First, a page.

Excerpts from The North Carolina Year Book and Business Directory, 1903, for the towns of Jefferson and Washington. Includes historical commentary.
Format: book/primary source
Commentary and sidebar notes by L. Maren Wood.
Will of Richard Blackledge, Craven County, 1776
In Colonial North Carolina, page 7.8
Will of a wealthy plantation owner in colonial North Carolina. Includes explanations and photographs of items listed.
Format: will/primary source
Growth and transformation: The United States in the Gilded Age
In North Carolina in the New South, page 2.1
Between the Civil War and the First World War, industry and cities grew at a tremendous pace in the United States.
Format: article
Cooleemee's Textile Heritage Center
This historic center was built so that the people of the Carolina mill industry would not be forgotten. The center celebrates and strives to preserve their values and their way of life to share with future generations.
Format: article/field trip opportunity
J. Allen Kirk on the Wilmington Race Riot
In North Carolina in the New South, page 8.6
Account of the Wilmington Race Riot by the Rev. Dr. J. Allen Kirk, pastor of the Central Baptist Church. Kirk and his family hid in a graveyard from the white mob, then fled the city. Primary source includes historical commentary.
Format: pamphlet/primary source
Evaluating woody biomass options for North Carolina's electricity future
In this high-school lesson, students learn about the pros and cons of co-firing woody biomass fuels with coal to produce electricity.
Format: lesson plan (grade 9–12 English Language Arts, Science, and Social Studies)
By Dana Haine.
"No one has anything to sell"
In North Carolina in the Civil War and Reconstruction, page 6.8
Diary of Julia Johnson Fisher, a Georgia woman, in March and April 1864, in which she describes the difficulty finding food and other necessities during the Civil War. Includes historical commentary.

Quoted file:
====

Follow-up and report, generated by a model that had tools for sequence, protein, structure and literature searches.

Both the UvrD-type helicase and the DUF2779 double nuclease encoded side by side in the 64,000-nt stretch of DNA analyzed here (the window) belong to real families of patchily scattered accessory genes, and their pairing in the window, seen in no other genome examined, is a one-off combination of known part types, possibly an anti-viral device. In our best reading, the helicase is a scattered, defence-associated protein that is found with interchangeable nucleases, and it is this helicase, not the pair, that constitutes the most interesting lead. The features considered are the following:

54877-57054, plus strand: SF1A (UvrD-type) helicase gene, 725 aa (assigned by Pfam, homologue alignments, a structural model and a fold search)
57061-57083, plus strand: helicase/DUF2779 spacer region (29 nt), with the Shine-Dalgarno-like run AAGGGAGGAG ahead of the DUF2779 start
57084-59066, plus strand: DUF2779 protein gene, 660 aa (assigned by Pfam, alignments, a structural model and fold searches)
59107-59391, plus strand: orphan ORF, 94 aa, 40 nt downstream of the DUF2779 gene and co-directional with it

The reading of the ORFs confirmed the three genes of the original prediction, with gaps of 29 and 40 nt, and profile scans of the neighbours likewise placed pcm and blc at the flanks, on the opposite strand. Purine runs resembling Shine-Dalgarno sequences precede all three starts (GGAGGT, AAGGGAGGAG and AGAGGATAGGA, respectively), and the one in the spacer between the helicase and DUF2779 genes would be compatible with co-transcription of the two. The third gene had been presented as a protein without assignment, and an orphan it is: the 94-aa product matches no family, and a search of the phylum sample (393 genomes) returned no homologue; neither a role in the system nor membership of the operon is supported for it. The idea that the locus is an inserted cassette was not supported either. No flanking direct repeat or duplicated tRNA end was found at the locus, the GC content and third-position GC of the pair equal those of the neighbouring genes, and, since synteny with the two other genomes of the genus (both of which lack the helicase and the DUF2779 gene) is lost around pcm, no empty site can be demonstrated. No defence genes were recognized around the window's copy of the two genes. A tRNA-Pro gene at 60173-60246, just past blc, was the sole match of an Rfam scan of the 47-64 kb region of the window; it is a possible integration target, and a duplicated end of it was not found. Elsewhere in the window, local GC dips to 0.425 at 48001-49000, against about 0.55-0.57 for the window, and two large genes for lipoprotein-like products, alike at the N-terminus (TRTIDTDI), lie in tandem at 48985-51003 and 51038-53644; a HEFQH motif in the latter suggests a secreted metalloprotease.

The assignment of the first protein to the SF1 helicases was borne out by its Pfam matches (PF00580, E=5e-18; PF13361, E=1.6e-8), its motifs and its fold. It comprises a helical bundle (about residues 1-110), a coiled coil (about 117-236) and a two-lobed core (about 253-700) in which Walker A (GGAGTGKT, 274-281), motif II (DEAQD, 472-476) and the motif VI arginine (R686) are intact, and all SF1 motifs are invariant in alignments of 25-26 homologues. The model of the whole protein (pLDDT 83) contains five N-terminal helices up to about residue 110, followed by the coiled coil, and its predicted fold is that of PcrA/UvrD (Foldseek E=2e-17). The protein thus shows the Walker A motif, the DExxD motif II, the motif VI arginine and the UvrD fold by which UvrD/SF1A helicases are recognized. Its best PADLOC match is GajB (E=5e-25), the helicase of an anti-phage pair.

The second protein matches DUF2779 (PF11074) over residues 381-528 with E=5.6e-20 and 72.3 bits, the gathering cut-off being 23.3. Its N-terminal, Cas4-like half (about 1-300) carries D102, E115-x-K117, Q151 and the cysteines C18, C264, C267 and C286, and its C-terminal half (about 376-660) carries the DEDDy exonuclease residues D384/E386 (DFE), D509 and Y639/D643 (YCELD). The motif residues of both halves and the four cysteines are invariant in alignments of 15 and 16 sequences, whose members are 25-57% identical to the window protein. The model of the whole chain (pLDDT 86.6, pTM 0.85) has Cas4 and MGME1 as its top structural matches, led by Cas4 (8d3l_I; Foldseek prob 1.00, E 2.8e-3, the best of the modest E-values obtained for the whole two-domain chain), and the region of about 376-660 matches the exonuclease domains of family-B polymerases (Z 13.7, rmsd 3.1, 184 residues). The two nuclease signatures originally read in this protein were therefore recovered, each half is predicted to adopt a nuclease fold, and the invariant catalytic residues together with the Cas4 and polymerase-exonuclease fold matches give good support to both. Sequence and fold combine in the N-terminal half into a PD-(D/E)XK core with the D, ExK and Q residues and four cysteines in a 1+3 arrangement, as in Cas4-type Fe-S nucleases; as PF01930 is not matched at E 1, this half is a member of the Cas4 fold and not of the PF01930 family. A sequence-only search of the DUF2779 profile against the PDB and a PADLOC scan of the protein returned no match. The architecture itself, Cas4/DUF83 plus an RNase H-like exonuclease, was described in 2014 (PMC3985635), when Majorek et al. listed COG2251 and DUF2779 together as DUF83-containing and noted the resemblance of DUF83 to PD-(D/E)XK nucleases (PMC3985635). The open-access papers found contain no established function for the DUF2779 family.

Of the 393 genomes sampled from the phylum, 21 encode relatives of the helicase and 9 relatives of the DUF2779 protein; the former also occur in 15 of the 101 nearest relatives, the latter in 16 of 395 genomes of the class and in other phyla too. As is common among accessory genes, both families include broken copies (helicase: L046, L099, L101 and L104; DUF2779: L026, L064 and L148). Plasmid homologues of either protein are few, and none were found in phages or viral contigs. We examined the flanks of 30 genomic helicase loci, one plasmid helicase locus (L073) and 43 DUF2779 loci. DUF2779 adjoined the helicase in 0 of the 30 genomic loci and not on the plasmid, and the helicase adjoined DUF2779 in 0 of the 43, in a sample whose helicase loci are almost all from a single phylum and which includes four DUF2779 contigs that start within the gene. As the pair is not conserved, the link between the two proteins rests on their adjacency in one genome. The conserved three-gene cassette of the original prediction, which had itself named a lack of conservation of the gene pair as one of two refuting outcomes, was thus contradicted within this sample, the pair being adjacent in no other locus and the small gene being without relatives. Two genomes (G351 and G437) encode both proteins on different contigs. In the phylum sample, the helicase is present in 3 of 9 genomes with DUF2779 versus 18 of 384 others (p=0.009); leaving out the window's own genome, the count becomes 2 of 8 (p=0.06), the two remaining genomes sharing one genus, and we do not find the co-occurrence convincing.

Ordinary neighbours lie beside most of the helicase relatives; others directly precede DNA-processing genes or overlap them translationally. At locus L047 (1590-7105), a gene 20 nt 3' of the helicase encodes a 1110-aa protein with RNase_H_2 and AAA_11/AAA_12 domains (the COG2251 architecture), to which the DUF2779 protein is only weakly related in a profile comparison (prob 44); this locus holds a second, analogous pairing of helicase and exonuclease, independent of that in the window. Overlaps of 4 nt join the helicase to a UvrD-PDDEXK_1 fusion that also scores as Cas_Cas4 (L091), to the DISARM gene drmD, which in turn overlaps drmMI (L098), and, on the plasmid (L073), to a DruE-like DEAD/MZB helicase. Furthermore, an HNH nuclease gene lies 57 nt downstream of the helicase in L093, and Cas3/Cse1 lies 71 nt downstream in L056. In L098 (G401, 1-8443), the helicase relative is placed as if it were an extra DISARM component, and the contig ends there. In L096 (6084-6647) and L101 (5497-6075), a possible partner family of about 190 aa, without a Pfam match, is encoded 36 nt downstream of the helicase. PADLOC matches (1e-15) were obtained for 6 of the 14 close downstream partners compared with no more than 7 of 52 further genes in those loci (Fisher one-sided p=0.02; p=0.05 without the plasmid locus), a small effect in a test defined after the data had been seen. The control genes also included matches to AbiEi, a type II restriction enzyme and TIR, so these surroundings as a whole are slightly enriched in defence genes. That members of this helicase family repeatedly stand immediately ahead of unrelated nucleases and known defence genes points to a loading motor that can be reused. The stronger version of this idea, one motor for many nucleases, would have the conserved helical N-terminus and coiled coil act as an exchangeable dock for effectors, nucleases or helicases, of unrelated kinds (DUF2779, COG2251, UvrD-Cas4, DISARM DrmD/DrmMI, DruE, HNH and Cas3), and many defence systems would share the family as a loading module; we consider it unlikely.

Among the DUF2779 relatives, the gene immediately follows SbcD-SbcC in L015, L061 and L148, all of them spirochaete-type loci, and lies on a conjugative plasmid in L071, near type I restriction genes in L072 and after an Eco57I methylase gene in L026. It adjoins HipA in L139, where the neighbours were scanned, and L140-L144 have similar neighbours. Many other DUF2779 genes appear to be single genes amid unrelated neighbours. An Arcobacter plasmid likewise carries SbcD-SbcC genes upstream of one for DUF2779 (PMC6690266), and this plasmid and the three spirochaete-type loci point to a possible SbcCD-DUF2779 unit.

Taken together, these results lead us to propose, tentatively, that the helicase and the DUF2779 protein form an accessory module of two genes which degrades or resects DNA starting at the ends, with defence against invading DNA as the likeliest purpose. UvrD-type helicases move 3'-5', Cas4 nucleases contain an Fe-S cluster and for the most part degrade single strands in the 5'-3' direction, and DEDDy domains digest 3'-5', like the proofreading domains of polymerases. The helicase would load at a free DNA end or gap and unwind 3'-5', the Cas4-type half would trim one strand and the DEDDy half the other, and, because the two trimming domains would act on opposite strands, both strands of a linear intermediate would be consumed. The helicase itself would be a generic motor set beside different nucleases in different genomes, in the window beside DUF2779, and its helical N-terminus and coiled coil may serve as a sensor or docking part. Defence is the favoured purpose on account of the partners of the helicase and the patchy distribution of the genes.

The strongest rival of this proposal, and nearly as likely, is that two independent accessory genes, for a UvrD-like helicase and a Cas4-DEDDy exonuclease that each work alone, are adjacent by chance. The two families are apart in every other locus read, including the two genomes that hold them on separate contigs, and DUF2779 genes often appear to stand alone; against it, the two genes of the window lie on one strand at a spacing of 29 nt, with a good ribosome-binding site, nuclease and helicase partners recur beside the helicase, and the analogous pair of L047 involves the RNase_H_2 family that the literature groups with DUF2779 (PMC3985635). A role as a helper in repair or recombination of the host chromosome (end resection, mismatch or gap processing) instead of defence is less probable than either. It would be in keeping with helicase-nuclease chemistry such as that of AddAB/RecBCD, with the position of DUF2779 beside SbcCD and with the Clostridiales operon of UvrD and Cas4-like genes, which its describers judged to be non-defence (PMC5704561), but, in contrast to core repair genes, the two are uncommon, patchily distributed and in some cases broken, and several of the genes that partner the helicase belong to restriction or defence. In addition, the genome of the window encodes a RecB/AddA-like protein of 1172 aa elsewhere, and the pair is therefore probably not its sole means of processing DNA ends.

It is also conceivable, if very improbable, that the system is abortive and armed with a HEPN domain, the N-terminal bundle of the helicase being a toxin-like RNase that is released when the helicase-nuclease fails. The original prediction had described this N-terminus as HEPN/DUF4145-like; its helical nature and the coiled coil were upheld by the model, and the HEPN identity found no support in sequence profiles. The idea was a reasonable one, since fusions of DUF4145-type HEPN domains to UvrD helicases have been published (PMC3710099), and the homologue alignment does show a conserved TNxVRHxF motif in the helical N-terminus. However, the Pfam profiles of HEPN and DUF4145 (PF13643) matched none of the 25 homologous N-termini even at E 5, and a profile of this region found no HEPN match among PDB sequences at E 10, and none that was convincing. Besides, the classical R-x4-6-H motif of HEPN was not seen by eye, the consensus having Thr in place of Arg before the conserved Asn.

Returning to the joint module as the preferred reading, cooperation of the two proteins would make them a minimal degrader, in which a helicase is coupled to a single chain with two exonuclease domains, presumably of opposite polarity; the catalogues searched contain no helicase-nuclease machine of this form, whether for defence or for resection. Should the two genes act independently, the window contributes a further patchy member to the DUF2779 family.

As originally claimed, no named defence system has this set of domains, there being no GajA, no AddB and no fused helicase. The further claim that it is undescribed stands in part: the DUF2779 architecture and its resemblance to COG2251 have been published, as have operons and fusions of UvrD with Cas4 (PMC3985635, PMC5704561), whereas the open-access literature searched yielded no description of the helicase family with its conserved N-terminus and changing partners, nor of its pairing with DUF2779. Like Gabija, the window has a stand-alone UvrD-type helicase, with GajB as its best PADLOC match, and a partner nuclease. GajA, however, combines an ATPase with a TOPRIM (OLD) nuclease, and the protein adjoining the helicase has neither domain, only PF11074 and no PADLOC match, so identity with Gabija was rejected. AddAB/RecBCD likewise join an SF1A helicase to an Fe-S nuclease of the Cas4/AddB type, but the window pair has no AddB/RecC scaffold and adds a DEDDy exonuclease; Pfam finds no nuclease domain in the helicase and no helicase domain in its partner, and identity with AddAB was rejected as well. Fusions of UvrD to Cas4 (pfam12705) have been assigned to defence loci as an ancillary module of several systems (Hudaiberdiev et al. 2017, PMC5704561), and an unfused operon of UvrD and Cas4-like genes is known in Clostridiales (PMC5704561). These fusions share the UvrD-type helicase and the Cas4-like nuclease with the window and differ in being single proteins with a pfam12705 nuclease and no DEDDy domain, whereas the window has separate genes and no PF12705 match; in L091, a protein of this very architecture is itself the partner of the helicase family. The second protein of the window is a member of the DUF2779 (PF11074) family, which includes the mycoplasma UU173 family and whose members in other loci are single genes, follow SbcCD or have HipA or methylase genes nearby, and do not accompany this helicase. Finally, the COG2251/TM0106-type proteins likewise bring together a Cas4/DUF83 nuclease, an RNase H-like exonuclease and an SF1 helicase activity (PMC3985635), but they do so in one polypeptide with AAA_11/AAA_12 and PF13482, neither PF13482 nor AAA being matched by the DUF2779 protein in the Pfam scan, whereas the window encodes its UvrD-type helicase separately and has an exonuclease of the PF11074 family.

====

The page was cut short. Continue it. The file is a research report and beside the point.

Format: letter/primary source
The Belk brothers' department stores
In North Carolina in the New South, page 2.12
When Henry and John Belk opened their first department store in Charlotte in 1895, the idea of buying everything under one roof -- and always for cash, not store credit -- was new to consumers. This excerpt from the history of Belk, Inc., tells the story of Henry Belk, his first store in Monroe, and the Belk Bros. stores in downtown Charlotte.
Format: book
The impending crisis of the South
In Antebellum North Carolina, page 7.8
Excerpt from Hinton Helper's 1857 book arguing against slavery on the grounds that it kept the South subservient to the North and hurt poor whites. Includes historical commentary.
Format: book/primary source
Commentary and sidebar notes by David Walbert.
Ashe County deserters
In North Carolina in the early 20th century, page 3.11
Speech by North Carolina Governor Thomas W. Bickett in Ashe County, 1918, convincing deserters to turn themselves in and return to service in the Army. Bickett explains his view of the rationale for the war and of citizens' duty to their country. Includes historical commentary.
Format: article/primary source

Resources on the web

Paper production
This Science NetLinks lesson is designed to help students understand how processes and jobs in developed countries have changed over time due to technology and mass production. (Learn more)
Format: lesson plan (grade 2 Science)
Provided by: American Association for the Advancement of Science